A Night In Casablanca is presented in an aspect ratio of 1.33:1 and therefore is not anamorphically enhanced. This is the original aspect ratio. Not surprisingly it is in black and white, but looks good despite its age. The contrast is good, the blacks are mostly even and deep, and there is almost no glaring of whites that is often a problem in old black and white transfers. Generally, the image is quite sharp and sufficiently detailed, and shadow detail is not a problem. There are numerous film artefacts, being mostly white speckles and lines, and those awful large black blobs in the top right hand corner appear a few times - reel change markers. These are rare in DVD transfers and are a dead giveaway that the disc has been mastered from a cinematic release print. There are a few film to video artefacts such as aliasing, but they are infrequent.


The only audio option is Dolby Digital 2.0 mono and, again, this should not come as a surprise. The majority of the sound is clear and there are no noticeable dropouts. There is some constant background hiss, but this does not interfere with the dialogue, which is well synchronised. The few musical numbers sound just a little louder than the dialogue and are not as deep and rich as most music transferred to DVD and sound fairly ordinary in mono. There are some sustained loud clicks that plague chapter seven, and are quite distracting. I cannot be sure if they would have been inherent in the film source or come as a result of the transfer, but I suspect the former.


There are absolutely no Marx Bros. extras whatsoever, and even the inclusion of something as bland as a biography may have been a nice addition. As it is, the only extra is Umbrella Propaganda, which includes three trailers for their DVD releases of What's Up, Tiger Lily?, Malcolm, and The Secret Policeman's Ball. Anyone who has seen any other of their releases will be familiar with these trailers. At least they don't pretend to be anything more than what they are - advertising.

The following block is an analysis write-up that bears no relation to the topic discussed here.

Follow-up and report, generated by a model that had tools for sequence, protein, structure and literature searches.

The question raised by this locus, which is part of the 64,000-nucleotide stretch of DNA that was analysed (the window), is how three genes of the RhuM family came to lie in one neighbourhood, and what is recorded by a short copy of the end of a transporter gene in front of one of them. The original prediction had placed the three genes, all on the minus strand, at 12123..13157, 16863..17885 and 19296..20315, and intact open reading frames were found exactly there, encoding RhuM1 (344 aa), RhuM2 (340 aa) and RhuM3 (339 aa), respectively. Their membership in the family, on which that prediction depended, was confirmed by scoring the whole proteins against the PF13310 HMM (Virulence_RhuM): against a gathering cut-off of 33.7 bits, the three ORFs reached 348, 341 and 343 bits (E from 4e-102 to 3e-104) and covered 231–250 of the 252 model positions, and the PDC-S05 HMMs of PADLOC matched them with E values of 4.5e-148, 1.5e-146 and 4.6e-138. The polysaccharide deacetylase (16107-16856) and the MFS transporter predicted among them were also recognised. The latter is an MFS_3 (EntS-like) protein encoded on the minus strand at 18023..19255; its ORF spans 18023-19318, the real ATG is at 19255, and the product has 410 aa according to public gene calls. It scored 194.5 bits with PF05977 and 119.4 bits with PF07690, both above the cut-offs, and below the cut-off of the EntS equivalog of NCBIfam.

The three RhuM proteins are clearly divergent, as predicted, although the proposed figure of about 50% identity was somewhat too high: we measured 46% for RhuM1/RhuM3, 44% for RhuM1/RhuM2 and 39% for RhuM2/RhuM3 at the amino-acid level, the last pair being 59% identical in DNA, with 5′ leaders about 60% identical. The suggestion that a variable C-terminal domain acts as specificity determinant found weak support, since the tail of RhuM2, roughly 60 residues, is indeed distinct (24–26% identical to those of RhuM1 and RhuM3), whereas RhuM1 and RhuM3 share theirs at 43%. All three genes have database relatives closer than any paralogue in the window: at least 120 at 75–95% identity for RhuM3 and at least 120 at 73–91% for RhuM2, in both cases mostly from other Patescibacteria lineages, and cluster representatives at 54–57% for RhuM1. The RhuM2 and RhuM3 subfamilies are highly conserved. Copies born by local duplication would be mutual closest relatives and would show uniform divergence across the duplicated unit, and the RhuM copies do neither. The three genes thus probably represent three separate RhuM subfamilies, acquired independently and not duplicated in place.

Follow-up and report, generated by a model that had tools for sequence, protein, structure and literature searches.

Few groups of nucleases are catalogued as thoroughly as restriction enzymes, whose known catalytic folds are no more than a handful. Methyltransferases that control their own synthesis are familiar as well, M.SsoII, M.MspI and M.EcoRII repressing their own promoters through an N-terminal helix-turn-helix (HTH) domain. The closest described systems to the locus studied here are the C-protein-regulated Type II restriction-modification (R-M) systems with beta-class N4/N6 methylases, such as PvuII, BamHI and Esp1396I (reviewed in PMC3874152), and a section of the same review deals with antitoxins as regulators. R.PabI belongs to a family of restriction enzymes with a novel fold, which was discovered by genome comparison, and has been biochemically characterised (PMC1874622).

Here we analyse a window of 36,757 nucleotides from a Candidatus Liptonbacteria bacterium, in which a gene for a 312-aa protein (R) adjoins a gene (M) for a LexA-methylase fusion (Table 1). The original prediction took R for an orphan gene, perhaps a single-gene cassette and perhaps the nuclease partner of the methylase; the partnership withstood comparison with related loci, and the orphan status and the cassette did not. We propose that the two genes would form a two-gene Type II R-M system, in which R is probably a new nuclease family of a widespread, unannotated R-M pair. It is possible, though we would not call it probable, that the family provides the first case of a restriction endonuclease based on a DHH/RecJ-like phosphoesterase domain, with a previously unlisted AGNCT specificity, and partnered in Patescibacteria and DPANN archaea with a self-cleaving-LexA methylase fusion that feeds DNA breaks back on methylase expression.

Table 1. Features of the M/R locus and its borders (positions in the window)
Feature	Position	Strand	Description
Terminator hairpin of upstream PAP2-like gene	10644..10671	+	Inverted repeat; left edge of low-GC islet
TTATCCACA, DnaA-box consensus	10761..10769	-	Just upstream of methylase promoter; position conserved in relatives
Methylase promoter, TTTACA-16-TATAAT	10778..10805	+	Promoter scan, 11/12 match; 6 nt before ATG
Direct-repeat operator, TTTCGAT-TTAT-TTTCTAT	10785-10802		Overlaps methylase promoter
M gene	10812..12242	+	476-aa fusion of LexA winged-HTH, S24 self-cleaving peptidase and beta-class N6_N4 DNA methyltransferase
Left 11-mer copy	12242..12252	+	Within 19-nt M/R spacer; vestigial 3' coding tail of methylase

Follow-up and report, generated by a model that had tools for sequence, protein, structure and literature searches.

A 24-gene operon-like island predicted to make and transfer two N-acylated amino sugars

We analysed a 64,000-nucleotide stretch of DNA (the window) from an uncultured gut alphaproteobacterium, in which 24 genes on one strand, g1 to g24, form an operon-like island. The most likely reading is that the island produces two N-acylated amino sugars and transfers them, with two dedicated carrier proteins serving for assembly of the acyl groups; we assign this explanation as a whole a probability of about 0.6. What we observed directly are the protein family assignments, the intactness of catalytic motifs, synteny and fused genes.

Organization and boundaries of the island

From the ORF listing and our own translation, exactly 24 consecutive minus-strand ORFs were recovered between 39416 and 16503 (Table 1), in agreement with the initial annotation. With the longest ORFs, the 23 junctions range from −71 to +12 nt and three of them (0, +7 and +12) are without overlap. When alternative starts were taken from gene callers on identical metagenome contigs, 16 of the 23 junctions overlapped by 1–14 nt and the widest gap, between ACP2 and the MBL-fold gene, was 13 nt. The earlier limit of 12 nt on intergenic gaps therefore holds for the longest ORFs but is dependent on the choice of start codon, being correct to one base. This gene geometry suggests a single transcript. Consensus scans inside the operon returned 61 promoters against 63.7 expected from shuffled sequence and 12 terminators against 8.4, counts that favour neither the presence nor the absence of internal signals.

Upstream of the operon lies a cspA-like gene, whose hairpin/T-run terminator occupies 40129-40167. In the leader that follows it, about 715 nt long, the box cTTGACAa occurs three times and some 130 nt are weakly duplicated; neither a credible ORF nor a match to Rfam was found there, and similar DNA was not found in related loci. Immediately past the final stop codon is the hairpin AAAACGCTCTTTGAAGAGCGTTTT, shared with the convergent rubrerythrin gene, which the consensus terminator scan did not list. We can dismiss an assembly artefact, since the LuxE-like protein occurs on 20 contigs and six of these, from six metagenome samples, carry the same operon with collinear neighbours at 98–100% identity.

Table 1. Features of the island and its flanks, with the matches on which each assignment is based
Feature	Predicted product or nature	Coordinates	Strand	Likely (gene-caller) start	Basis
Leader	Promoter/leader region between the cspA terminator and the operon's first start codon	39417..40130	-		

Groucho, with his trademark painted moustache and cigar, Harpo, the silent one with the wig and the horn, and Chico with the hat and the adopted Italian accent, were loved the world over. After their last film in 1950, Groucho made a successful transition to television, whilst the other brothers made several films independent of each other, and pursued slightly more musical careers, but they never again attained the levels of popularity they enjoyed as a team.

It is for their films that they are best remembered, and as most, if not all, of their films have been available on VHS for some time, it will take some aggressive marketing and extra laden DVD releases to really grab the buying public's attention. I am not sure this release is going to be the one to achieve that.

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      And I quote...
    "Groucho, Chico and Harpo make their DVD debut, and while there are laughs to be had from their trademark hijinks, even they would agree this isn’t their best film – and where are the extras?"
    - Terry Kemp
      Review Equipment
    • DVD Player:
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          TEAC CT-F803 80cm Super Flat Screen
    • Receiver:
          Pioneer VSX-D409
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    • Subwoofer:
          Sherwood SP 210W
    • Audio Cables:
          Standard RCA
    • Video Cables:
          standard s-video